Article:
Thumbnail 1 - Hon-Maguro Akami Saku from Malta (Bluefin Tuna Lean Meat Block)
Thumbnail 2 - Hon-Maguro Akami Saku from Malta (Bluefin Tuna Lean Meat Block)

Hon-Maguro Akami Saku from Malta (Bluefin Tuna Lean Meat Block)

Top-quality lean fish

1
3 servings
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(Friday Jul 08 , 2022)
PHP 6,599.00
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Referred to as “red meat,” the Hon-Maguro Akami Saku is the lean part of the bluefin tuna. It’s perfect for people don’t particularly like the richness of fatty tuna. This akami was sourced from Malta, and processed by professionals in Osaka, Japan.

TASTING NOTES FROM THE CURATOR

Akami, or agami, means “red meat,” and comes from the upper back area of the bluefin tuna. It’s the leanest part of the fish, therefore the least fatty. This makes it more affordable, but no less delectable and desired. This is what you get when you ask for “maguro” in a restaurant, but don’t specify which part.

It has a deep red color (hence, “red meat”), and is very tasty. It’s top-quality lean meat, with an elegant and smooth texture. It has rich aromas, and a subtle sweet flavor.

Saku is the preferred form of Japanese chefs for sashimi. The word means “block,” and it has a uniform quality that makes it ideal. This akami was sourced from Malta, and processed by professionals in Osaka, Japan.

PREPARATION AND PAIRINGS

The Hon-Maguro Akami Saku is perfect for people who don’t prefer fatty tuna. It’s great for sushi, sashimi, and nigiri, but also for steak. To make a tuna steak, simply fry your Hon-Maguro Akami in a pan with oil, your choice of spices, and some salt and pepper. Enjoy with sake, or a light white wine.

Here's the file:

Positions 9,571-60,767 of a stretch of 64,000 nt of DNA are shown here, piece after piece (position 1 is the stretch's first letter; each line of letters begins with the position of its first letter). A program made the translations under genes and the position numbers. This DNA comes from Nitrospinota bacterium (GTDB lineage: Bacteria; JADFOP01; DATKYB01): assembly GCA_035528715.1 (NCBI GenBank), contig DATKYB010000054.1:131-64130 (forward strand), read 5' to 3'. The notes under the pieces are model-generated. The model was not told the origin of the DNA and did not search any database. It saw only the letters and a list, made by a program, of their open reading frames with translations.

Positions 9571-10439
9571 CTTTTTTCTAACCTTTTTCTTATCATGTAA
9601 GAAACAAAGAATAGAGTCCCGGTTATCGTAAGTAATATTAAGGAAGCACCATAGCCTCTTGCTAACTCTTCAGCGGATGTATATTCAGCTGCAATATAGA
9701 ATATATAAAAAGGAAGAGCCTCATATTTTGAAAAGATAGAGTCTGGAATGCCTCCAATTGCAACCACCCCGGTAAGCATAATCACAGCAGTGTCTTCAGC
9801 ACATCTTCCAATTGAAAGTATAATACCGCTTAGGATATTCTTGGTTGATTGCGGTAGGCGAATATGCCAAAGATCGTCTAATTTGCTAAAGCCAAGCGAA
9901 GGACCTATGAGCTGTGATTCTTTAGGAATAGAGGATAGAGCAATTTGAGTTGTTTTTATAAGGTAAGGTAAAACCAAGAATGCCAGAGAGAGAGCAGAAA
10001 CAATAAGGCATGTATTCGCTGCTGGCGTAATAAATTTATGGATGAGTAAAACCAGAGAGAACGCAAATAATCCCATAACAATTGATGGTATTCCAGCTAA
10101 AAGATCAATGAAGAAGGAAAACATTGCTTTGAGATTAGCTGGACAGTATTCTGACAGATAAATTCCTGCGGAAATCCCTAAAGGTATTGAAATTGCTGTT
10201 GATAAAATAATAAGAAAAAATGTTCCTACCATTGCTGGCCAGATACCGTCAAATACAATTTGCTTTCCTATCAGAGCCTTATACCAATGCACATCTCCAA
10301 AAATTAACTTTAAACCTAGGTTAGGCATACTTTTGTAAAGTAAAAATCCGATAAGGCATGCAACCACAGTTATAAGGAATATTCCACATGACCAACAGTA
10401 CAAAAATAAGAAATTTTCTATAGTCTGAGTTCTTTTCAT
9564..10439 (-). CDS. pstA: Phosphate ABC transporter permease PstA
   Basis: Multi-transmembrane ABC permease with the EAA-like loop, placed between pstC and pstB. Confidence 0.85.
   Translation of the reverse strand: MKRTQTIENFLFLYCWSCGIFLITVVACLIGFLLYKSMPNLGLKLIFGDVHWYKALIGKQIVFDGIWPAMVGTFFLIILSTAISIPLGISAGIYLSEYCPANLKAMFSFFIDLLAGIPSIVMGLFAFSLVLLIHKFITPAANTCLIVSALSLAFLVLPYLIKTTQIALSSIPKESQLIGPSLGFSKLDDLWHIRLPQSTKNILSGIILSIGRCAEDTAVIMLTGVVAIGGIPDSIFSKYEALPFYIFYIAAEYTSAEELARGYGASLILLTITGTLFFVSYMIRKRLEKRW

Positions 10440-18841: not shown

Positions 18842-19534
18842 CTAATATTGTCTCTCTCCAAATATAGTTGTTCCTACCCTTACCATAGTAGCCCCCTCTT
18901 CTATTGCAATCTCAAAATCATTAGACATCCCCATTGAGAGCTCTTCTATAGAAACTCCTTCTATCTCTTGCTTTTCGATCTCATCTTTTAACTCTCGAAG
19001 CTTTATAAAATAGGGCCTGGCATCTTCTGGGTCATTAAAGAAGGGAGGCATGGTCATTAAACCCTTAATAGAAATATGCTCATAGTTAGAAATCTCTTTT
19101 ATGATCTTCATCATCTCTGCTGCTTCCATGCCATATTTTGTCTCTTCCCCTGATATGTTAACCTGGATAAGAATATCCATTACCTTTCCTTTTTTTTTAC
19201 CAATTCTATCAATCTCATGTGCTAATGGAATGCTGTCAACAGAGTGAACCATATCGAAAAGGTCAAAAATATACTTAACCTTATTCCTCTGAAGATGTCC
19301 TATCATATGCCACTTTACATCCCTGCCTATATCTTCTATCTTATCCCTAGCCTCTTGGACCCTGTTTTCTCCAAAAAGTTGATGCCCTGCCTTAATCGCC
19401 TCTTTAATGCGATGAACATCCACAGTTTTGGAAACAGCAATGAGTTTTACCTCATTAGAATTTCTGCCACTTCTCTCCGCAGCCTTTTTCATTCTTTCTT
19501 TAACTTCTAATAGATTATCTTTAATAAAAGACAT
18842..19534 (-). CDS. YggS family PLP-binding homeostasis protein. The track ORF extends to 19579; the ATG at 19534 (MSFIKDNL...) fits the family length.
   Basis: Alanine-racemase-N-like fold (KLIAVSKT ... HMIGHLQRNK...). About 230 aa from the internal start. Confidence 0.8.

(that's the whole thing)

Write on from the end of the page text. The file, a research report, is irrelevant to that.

FROM TRASH TO TREASURE

Around 300 years ago, during Japan’s Edo period, sushi was quickly becoming the choice of fast food amongst the Japanese people. Even then, toro would be tossed away as trash or useless. This was because, at the time, tuna was caught in present-day Nagasaki and Miyagi, which were far from Edo. Once it got to Edo (present-day Tokyo), the tuna would have lost much of its freshness, especially the fatty parts, and was therefore undesirable. In fact, the only useful part of the tuna then was the akami, which was lean.

But with time, refrigeration, transportation, and preservation technologies progressed, and tuna became a proper industry. This was in the 1960s, a time when the Japanese people’s diet changed drastically, consuming more food with high-fat content. This catapulted toro into the worldwide stardom it enjoys now.

Storage Instructions

Arrives frozen. Keep in the freezer; it will stay at its best for three weeks. Once thawed, it must be consumed within 48 hours.

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